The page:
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Name: Alex W.
Status: other
Age: 20s
Location: N/A
Country: N/A
Date: 2000-2001

Tornado Effect I've heard stories about tornados shoving drinking straws through phone poles and brick walls. Is the reason for this known? I am curious what would be discovered if I constructed a large ring, weighted heavily (tons?), spun it at extreme speeds, and tested the maliability of metals placed within the center of the spinning ring.

You have asked two questions:

1. About the tornado. The mechanical properties of a projectile depends on its speed. For example, if I take a soft lead bullet and press it slowly against a steel plate, say 0.5 cm thick, using a mechanical press, it would deform into a lead disc and the steel plate would be largely unaffected. However, if I take the same soft lead bullet and it's fired from a 0.357 Magnum, it would easily blow a large hole in the same steel plate. The difference is that deformation of a projectile takes a certain amount of time to occur. If the impact time is very short compared to this characteristic time of deformation, the mechanical properties of the object will be very different. This is not an uncommon phenomenon. Another example, if I jump into a lake from a height of 1 meter, I just sink and make a splash -- no harm. But if I jump into the same lake from an airplane at 1000 meters above the surface, I'm a pancake. I might just as well hit solid ground. The reason is: at the speed with which I hit the water is so fast, the water does not have time to "get out of the way" so it becomes essentially a solid. This is what happens to straws etc. driven by tornadic winds. They become projectiles, like an arrow.

2. The high speed rotary press you describe is cerainly feasible, but it would be a difficult machine to build and it is not clear what you would learn that you do not learn from a conventional press, which is relatively simple and inexpensive.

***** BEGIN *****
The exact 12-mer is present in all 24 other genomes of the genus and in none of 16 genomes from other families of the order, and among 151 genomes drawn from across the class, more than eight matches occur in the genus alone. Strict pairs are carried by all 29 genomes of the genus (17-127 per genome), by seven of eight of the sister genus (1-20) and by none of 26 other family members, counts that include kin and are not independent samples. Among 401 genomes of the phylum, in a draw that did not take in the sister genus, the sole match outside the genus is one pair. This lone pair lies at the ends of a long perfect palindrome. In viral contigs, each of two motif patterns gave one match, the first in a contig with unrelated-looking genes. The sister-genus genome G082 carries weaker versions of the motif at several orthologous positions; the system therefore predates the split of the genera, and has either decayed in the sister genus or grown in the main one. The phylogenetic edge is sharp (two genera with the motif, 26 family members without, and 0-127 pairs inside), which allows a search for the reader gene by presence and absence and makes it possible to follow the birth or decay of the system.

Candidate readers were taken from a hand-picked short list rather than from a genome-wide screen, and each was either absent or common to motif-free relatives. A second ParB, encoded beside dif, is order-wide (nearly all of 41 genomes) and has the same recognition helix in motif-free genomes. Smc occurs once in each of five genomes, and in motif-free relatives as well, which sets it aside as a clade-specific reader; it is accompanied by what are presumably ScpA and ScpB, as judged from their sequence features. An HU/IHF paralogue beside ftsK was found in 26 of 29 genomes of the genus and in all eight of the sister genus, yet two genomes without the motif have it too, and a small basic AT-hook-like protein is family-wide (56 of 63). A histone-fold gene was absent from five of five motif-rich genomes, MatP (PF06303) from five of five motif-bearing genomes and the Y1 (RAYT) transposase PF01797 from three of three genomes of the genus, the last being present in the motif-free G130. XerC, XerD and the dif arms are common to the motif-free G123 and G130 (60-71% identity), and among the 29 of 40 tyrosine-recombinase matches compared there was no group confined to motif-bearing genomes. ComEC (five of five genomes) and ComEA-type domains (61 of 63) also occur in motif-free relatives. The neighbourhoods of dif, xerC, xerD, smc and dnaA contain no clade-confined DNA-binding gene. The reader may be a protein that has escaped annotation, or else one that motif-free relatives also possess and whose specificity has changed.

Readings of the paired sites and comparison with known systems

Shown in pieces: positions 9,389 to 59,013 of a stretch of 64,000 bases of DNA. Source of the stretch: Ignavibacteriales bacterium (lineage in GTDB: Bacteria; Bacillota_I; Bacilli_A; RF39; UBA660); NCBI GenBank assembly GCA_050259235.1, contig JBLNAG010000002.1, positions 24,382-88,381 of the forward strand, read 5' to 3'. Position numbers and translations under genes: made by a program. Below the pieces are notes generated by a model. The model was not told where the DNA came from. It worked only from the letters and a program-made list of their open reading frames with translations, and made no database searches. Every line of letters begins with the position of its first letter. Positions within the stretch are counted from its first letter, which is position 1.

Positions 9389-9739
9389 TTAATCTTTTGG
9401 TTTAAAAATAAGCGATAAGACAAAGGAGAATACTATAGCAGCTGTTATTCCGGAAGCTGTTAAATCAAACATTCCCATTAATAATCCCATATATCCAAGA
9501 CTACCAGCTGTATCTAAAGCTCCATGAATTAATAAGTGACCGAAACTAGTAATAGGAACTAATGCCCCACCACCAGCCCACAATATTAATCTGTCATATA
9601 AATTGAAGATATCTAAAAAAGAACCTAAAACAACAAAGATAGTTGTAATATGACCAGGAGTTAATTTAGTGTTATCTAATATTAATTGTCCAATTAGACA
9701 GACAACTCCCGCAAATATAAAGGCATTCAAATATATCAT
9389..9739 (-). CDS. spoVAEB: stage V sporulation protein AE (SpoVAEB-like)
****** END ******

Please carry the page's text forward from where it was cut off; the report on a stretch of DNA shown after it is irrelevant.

Vince Calder


This is based on what many textbooks refer to as the normal force, the force the surface of a solid object exerts to prevent another object from passing through it. Every surface has a maximum normal force. It can push no harder than its maximum. A straw moving at an incredible speed hits the phone pole. The pole pushes on the straw with its maximum force. Time is required to stop the straw. In that time, the straw moves a distance into the telephone pole. Force provides acceleration. Acceleration over time provides a change of velocity.

As for the question regarding malleability, what you are speaking of is a centrifuge. One method is to attach a weight (tons are not necessary) to a wire. Have the weight set on a rotating stand. Make sure the weight move. One option is to mount it like a pendulum at approximately the radius you want. Connect the metal wire from the hanging weight to the center fo the rotating platform. Be sure the wire is taught, no bends. Spin the platform to a significant speed. Measure the new radius while spinning, perhaps with a ruler mounted on the platform. The force exerted on the wire is (mass of hanging weight)(speed of weight)^2/(radius of weight's position). Textbooks call it centripetal force for circular motion.

Dr. Ken Mellendorf
Illinois Central College

Straws are able to go through telephone poles, obviously, because of their extreme speeds. I do not see the connection between this phenomenon and your idea with the iron ring.

If the ring were to spin rapidly, I suppose that it will have no bearing on any object you place at its center, with the exception of the wind created by the spinning. Friction from the wind may increase the temperature, thus increasing the malleability of the metal.

A more interesting experiment may involve a magnetic field, and if the ring were not spinning perfectly about its axis.

Hope this helps

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